Wladimir van Wilgenburg writes: They have been locked out of Syrian peace talks, and by extension a future Syrian government, despite controlling much of northern Syria, being the only force to successfully oppose the Islamic State and having the favour of both the United States and Russia.
On Thursday the Syrian Kurds decided on their answer to this outsider status: the formation of a new Federation of Northern Syria that would take in Kurdish-majority areas of Jazeera, Kobane and Afrin, knowns as Rojava, plus Arab towns currently under Kurdish control.
Syria’s government, opposition and regional powers have rejected the new system, saying the Kurds have no right to carve up Syria for their own purposes.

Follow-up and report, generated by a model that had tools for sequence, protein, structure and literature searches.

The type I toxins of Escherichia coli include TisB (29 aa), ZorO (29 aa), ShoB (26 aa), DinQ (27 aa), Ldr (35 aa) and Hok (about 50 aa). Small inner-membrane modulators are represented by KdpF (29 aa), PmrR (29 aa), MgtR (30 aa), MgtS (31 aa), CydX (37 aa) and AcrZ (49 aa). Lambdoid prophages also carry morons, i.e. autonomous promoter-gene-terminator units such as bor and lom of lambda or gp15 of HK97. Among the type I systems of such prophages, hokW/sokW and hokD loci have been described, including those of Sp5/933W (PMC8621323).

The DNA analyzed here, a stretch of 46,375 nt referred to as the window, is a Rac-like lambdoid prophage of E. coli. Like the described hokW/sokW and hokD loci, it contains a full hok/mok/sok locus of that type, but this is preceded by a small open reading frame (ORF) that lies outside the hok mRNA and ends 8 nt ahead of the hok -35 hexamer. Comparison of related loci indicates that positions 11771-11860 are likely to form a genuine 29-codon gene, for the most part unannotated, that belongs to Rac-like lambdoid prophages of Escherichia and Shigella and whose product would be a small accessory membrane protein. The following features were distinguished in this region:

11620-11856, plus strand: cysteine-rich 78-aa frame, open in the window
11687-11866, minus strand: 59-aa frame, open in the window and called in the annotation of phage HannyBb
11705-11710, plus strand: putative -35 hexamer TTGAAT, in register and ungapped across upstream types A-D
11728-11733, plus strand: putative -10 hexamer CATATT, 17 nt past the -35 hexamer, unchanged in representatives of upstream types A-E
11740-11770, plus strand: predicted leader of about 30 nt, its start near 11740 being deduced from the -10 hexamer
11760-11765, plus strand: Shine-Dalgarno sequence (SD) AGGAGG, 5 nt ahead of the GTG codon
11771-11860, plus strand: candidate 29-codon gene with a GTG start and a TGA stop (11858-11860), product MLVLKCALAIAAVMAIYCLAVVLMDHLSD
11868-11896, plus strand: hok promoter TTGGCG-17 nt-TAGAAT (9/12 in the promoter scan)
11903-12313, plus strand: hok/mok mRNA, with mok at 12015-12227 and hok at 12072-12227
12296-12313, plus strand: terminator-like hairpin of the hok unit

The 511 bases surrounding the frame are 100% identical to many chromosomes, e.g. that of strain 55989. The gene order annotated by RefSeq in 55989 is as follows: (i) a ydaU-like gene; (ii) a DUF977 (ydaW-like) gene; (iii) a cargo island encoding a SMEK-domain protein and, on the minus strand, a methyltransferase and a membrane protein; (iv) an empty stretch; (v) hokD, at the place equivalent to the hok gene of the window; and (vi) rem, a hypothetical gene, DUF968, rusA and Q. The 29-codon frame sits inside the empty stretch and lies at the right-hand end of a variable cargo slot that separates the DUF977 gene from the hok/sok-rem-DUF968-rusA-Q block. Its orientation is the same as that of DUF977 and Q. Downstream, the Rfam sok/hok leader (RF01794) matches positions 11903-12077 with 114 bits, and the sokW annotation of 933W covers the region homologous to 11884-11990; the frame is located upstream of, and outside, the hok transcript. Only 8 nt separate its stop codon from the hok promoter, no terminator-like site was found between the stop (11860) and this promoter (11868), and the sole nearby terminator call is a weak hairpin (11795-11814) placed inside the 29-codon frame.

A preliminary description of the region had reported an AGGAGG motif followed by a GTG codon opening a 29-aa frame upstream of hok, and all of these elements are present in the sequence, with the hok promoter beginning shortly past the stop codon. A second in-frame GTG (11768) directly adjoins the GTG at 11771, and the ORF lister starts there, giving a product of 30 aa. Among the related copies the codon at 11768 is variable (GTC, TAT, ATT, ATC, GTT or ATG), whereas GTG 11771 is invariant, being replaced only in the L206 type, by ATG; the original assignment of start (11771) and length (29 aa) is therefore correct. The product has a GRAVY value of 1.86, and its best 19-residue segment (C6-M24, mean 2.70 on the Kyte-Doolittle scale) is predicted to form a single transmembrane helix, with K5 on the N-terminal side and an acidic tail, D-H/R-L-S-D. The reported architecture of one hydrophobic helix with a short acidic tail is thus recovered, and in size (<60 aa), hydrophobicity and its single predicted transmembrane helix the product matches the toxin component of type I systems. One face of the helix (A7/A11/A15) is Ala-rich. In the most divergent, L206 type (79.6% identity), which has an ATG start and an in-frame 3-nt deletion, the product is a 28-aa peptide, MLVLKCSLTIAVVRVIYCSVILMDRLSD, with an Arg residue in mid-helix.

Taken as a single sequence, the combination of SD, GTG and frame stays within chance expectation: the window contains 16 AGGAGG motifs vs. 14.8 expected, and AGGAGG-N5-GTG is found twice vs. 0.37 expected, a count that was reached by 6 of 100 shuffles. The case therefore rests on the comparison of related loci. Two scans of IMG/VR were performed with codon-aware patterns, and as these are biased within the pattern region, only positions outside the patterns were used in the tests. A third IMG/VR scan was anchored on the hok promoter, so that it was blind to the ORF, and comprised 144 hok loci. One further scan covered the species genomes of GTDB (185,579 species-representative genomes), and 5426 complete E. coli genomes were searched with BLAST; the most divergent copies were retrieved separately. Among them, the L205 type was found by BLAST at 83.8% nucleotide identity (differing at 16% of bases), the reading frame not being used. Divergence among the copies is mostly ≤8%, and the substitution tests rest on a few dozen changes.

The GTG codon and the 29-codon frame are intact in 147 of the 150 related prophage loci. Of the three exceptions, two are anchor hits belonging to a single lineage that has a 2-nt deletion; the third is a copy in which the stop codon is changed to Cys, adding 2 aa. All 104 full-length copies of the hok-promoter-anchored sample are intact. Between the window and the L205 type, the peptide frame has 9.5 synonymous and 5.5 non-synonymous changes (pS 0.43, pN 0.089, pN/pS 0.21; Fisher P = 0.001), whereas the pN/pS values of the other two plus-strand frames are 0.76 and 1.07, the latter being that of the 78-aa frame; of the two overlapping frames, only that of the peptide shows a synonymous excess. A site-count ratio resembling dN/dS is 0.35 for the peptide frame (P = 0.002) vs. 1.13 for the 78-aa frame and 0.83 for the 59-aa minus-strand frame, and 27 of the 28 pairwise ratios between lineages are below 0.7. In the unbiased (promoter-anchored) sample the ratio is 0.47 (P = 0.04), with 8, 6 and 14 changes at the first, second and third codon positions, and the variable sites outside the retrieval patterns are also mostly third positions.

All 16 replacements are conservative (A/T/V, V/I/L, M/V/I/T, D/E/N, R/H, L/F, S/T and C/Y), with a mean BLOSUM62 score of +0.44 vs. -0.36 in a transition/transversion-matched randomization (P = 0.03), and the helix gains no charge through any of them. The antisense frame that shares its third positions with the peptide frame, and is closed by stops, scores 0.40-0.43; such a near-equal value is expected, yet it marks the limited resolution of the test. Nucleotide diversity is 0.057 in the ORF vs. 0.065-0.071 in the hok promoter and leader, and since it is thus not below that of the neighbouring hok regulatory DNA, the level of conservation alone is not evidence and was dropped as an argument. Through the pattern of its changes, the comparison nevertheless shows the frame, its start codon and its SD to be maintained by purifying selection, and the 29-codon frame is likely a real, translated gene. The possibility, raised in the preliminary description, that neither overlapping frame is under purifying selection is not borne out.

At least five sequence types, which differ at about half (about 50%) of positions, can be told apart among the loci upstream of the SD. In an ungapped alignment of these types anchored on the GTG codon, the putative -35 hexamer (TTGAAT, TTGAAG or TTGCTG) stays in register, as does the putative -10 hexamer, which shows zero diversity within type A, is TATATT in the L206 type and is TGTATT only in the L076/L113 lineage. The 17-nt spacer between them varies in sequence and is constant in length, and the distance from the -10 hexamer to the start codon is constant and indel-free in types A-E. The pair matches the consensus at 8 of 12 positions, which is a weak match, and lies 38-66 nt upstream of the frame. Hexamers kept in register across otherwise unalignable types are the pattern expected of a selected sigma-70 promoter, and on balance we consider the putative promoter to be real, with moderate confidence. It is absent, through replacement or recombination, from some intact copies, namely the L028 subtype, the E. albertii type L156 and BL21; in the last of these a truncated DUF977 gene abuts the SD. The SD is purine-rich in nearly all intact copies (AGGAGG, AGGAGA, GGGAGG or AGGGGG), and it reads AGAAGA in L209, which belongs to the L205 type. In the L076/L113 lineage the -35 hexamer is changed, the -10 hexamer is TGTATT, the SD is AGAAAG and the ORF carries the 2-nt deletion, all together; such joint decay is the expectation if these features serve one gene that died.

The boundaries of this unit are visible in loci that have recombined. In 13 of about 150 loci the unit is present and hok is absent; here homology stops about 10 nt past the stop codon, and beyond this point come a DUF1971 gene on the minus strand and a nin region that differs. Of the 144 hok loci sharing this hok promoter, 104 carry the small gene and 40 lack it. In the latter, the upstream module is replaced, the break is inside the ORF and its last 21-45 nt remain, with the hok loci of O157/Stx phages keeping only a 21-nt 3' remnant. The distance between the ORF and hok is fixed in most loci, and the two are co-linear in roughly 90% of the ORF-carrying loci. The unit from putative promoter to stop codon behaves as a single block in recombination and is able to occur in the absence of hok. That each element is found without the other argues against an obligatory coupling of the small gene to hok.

But Salih Muslim Mohammed, the co-leader of the Democratic Union Party (PYD), the largest Kurdish party in Syria, said the federation should not be seen as an autonomous Kurdistan region, but rather a blueprint for a future decentralised and democratic country, where everyone is represented in government.
“There is no autonomous Kurdish region, so there is no question of recognising it or not,” he said. “It is part of a democratic Syria, and it might expand all over Syria. We want to decentralise Syria, in which everyone has their rights.
“The name is not important, we call it a democratic Syrian federalism,” he told Middle East Eye. [Continue reading…]